Estavio is more interested in the glass case with a mummified bird in the corner, and doesn't want to be distracted by the book. He gives Amber one of his Tokens and tells her to reroll her Good Die. Amber's new Good Die is a (1) and she is now covered in glowing dust.
Don't forget your Tokens! After somebody rolls her dice and before things are narrated, you can force that Player to reroll either the Good Die or the Shadow Die (your choice). If you do this, you must give the Player one of your Tokens. You can only give Tokens to another Player, never to yourself. If you have given someone a Token, and you don't like the reroll, you can keep giving the Player Tokens and forcing rerolls as many times as you want (or you run out of Tokens).
If you run out of Tokens, you cannot force anyone to reroll dice. You can, however, beg, convince or bribe another Player into forcing you to reroll by giving you a Token.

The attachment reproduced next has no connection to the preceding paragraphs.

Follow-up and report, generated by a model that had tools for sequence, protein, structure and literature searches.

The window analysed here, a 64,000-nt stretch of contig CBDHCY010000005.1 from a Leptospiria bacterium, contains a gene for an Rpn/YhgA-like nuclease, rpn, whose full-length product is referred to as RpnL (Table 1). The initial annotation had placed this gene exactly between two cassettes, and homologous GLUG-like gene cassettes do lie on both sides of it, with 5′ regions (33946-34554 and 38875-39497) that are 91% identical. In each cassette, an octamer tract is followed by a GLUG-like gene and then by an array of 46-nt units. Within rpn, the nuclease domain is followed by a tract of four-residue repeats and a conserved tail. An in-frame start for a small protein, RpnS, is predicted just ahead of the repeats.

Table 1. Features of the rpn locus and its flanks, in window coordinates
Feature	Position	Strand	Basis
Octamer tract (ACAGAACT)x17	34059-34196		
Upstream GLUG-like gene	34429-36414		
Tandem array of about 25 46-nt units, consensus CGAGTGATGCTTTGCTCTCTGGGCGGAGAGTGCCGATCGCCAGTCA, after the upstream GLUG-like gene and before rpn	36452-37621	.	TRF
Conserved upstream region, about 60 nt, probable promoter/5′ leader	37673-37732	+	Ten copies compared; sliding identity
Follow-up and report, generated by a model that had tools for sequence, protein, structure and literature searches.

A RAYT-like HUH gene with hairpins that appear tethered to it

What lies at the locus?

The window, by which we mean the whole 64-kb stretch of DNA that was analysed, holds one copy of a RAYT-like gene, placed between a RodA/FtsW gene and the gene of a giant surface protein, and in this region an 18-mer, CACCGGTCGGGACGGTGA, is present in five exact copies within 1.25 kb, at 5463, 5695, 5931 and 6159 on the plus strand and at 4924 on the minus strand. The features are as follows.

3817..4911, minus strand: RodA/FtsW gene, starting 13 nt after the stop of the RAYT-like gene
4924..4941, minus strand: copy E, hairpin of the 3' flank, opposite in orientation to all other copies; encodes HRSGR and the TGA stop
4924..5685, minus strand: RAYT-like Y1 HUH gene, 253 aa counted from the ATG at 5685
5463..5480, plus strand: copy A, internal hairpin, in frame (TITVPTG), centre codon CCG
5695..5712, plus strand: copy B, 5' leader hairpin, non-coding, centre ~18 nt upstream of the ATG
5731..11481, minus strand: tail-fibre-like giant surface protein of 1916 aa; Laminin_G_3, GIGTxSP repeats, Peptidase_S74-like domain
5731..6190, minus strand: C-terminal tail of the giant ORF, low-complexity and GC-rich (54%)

The Players are in a room where a book is lying atop a pedastal, protected by some unseen force. Estavio is going to reach for the book, and the Game Moderator asks for a Shadow Roll. Estavio explains that the Good outcome would be for him to find a switch to turn off the force, and his Shadow wants him to get a nasty shock that turns off the force.
The Game Moderator tells Estavio that these have the same result, and perhaps the Shadow wants him to get a nasty shock that sounds an alarm. Estavio thinks about it, and revises his Shadow outcome: He would be shocked and the book's guardian would show up. He doesn't describe the guardian and instead suggests that if the guardian shows up, Amber can make a Shadow Roll to describe it.